About ten years ago, we (Industrial Strength Marketing) launched a website for a company that manufactures tube sheets used in balance-of-plant heat exchangers. At the time, we didn’t realize that the company’s URL was just one keystroke away from that of a popular adult-entertainment website. (No, we’re not going to say which one.)
Within days, our servers were loaded with tens of thousands of visitors for what we had considered a highly niche product offering.
We obviously couldn’t wait to report the results to our client. “Look, traffic went up 100,000,000%!” Cigars were lit. The finest whiskeys were poured. It didn’t take long for us to realize that our primary source of traffic had little interest in mitigating tube sheet vibration.
Metrics for Both Sales and Marketing
The experience with our tube sheet manufacturing client taught us a valuable lesson — analytics such as site traffic mean nothing if they don’t contribute to the bottom line or align with sales.
In this article, we’ll summarize what we learned, highlighting the metrics that either contribute to sales or provide enough information for you to make repeatable marketing adjustments that will eventually lead to sales. These are the ones you should care about.
Most companies already have a website that is generating traffic. It’s important to view which pages are being consumed, how long people spend on particular pages, and how often people return to look at additional pages. These metrics will give you a sense of your content’s popularity so you can make more of what’s working and less of what isn’t.
Visitors to Leads
All the website traffic in the world is for naught if your visitors aren’t taking desired actions. Every page on your website should have some type of call-to-action — e.g., fill out a form, contact us, call us, etc. If you notice a low conversion rate relative to your website traffic, it’s time to figure out why people aren’t converting.
Leads to Sales
Measuring analytics is all about identifying patterns. If you notice a certain type of customer is converting to a sale at a higher frequency than your other leads, you might want to consider creating a campaign targeted at the customer type you’ve identified as more likely to convert. These patterns could be based on anything —company size, industry focus, decision-making ability, etc.
This metric puts a dollar value on the leads marketing attracts. It’s typically calculated based on lead close rates and average revenue per sale. If the leads marketing attracts aren’t generating revenue, it’s time to rethink how you’re marketing or whom you’re marketing to.
You should be measuring revenue at least once a quarter to determine if marketing is driving sales. Keep in mind that marketing sometimes takes time — if you don’t see an immediate impact from your marketing efforts, don’t stop cold turkey and focus on something else.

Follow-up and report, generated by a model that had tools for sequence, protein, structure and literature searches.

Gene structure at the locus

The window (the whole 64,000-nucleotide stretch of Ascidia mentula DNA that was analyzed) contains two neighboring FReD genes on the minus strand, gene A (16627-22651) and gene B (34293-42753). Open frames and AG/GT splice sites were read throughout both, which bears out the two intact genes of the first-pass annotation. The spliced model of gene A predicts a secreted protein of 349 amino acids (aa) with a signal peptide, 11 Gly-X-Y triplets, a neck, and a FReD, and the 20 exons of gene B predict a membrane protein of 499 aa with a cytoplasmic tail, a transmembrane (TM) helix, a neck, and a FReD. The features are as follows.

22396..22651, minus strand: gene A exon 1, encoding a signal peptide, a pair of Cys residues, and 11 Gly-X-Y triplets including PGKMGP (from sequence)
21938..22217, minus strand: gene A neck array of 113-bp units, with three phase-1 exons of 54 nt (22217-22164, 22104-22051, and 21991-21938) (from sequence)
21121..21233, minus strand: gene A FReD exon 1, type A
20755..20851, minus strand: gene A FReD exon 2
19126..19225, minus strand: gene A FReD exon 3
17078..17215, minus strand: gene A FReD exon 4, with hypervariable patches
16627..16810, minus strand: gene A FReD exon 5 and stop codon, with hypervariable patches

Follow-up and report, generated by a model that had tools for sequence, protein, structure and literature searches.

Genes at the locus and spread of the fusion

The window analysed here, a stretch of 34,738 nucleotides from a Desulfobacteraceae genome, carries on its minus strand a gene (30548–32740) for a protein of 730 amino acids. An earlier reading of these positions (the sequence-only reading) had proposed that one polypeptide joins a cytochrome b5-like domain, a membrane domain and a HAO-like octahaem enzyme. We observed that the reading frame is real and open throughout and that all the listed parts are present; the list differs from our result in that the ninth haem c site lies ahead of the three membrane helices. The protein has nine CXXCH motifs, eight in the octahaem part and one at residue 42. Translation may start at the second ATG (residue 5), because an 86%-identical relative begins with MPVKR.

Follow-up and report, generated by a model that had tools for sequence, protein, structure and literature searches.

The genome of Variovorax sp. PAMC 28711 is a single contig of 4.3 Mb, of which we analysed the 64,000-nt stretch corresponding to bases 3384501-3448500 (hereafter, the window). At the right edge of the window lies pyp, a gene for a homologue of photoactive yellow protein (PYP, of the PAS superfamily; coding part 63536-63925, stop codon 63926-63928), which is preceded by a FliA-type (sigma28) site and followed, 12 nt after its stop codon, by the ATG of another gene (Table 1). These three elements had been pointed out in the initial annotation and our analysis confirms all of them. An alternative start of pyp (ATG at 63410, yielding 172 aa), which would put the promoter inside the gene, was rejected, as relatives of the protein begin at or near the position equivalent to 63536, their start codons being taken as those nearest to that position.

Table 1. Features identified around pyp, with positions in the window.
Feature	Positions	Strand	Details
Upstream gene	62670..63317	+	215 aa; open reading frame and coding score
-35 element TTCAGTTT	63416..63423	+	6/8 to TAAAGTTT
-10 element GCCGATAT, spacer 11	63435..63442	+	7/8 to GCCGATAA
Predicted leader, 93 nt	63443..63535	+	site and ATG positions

Reach tells you how many people you can effectively contact with your marketing message. Reach is a combination of your company’s email database, social media following, and blog subscribers. When you put out a new piece of content or need to send out some other communication, this is how many people will receive your message. After you launch a campaign, it’s important to recalculate your reach to determine the campaign’s effectiveness at generating customer impressions.
Sales and Marketing on the Same Page
Some leads convert in a day and some take months. Rather than relying on your gut to determine which leads need immediate attention, you should prioritize sales-ready leads by using a lead scoring system.
Marketing automation software such as Act-On tracks buying signals based on predetermined criteria such as a prospect’s industry, job title, number of website visits, form completions, etc. Each action they take accrues them points in your lead-scoring database based on criteria you define ahead of time.
When a person reaches a point threshold, that person’s contact information is immediately passed through to your sales team. Your sales team also sees a tally of how those points were accumulated, giving them a sense of the prospect’s interests and level of familiarity with your company so that they’re armed with talking points.
How do you determine the point system for each action? Through reporting. Reporting allows you to look at the explicit data (e.g., data the user provides via a form) and implicit data (e.g. observed behavior such as web pages visits or PDF downloads) and then use that data to identify lead conversion patterns. From there, you can update your point values to reflect buyer behavior.
Aligning Industrial Sales and Marketing
The metrics we mentioned aren’t going to be on your vanilla Google Analytics dashboard; you will need some type of CRM or marketing automation software such as Act-On, HubSpot, or Salesforce to track these metrics. Software solutions can help you create a dashboard that automatically tracks these metrics and then build a lead scoring system to ensure that your marketing and sales teams are aligned.
We typically recommend there be some type of service-level agreement between sales and marketing. For example, marketing agrees to generate 50 leads per sales rep, and sales agrees to work 80% of those leads at least five times over the course of the month before those leads are recycled to the top of the sales and marketing funnel. This article from HubSpot explains how to create sales service-level agreement that will help you establish those goals.
Metrics are just part of a healthy, successful marketing program focused on lead generation. For more tips on marketing successfully, take the “Industrial Marketing Quiz.”
Oh, and if you absolutely must know the name of that website, email us at firstname.lastname@example.org.